Minneapolis, MN—
Pharmacists can make a significant difference in helping patients manage uncontrolled hypertension and lower their risk for cardiovascular disease.

An article
in Hypertension describes a cluster-randomized trial in 16 primary care clinics that showed that 12 months of home blood pressure telemonitoring and pharmacist management lowered blood pressure more than usual care (UC) for 24 months. 

HealthPartners Institute–led researchers report the incidence of cardiovascular events—nonfatal myocardial infarction, nonfatal stroke, hospitalized heart failure, coronary revascularization, and cardiovascular death—and costs over 5 years of follow-up.

The telemonitoring intervention, which was overseen by pharmacists, involved 228 patients, compared with 222 in the UC group.

Results indicate that 15 cardiovascular events—five myocardial infarction, four stroke, five heart failure, one cardiovascular death—occurred among 10 patients in the telemonitoring intervention group, while 26 events—11 myocardial infarction, 12 stroke, three heart failure—occurred among 19 patients in the UC group.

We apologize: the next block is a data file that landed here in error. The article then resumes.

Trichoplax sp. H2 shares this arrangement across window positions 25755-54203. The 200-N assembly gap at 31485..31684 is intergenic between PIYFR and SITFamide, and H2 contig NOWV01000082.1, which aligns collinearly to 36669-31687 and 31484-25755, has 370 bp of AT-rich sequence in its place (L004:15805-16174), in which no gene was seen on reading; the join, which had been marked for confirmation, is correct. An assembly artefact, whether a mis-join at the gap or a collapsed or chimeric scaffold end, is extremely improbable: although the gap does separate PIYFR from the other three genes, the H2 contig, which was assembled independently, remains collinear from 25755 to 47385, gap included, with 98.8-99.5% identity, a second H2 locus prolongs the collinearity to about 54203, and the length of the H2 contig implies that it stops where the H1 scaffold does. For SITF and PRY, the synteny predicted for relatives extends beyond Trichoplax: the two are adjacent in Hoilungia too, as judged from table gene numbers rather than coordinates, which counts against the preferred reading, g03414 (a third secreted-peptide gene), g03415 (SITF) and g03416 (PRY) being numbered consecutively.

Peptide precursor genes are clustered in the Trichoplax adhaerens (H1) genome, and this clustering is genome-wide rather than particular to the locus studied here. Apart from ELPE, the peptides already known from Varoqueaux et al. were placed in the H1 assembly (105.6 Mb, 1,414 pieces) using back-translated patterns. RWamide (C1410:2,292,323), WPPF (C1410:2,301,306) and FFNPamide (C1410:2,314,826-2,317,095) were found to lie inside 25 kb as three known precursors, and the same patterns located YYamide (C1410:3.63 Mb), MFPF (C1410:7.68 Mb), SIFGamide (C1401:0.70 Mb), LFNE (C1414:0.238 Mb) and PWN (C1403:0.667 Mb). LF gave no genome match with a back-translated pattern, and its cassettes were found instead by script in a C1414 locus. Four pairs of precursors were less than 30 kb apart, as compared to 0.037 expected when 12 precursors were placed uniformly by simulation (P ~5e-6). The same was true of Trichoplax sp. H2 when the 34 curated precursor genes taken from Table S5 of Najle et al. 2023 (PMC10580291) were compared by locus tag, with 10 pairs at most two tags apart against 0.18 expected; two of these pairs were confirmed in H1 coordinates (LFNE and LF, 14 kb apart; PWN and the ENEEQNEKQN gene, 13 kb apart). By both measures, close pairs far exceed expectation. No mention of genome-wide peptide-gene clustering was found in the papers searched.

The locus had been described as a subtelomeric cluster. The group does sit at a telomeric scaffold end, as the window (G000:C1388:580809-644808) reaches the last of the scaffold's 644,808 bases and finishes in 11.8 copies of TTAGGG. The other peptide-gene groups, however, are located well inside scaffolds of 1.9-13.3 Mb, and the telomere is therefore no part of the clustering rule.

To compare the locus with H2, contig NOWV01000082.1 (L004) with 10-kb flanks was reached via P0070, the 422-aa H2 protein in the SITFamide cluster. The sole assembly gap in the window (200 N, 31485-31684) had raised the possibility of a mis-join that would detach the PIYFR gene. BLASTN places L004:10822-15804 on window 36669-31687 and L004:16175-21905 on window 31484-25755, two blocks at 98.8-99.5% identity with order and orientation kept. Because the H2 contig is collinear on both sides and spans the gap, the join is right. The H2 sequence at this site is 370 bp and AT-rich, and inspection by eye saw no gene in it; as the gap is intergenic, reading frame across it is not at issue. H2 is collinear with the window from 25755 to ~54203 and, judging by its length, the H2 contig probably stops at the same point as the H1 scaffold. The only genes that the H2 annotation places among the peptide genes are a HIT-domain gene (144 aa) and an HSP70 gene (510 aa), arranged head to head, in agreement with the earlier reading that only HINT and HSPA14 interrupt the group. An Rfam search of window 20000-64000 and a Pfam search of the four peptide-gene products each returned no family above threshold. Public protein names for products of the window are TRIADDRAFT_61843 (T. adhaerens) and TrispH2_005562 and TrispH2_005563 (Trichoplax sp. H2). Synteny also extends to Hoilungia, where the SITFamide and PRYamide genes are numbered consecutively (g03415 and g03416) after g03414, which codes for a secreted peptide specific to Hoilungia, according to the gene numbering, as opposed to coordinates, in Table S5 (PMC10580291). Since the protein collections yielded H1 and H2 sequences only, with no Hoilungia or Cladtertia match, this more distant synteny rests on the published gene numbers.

Researchers calculate that the cardiovascular composite end point incidence was 4.4% in the telemarketing intervention group versus 8.6% in the usual-care group (odds ratio, 0.49 [95% CI, 0.21-1.13], P = .09). When including two coronary revascularizations in the TI group and 10 in the UC group, the authors report that the secondary cardiovascular composite end point incidence was 5.3% in the TI group versus 10.4% in the UC group (odds ratio, 0.48 [95% CI, 0.22–1.08], P = .08). 

The authors explain that microsimulation modeling showed the difference in events far exceeded predictions based on observed blood pressure.

The pharmacist-led intervention also was cost-effective, according to the study.  Intervention costs (in 2017 US dollars) were $1,511 per patient. “Over 5 years, estimated event costs were $758, 000 in the TI group and $1,538,000 in the UC group for a return on investment of 126% and a net cost savings of about $1,900 per patient,” the authors note.

“Telemonitoring with pharmacist management lowered blood pressure and may have reduced costs by avoiding cardiovascular events over 5 years,” researchers conclude.

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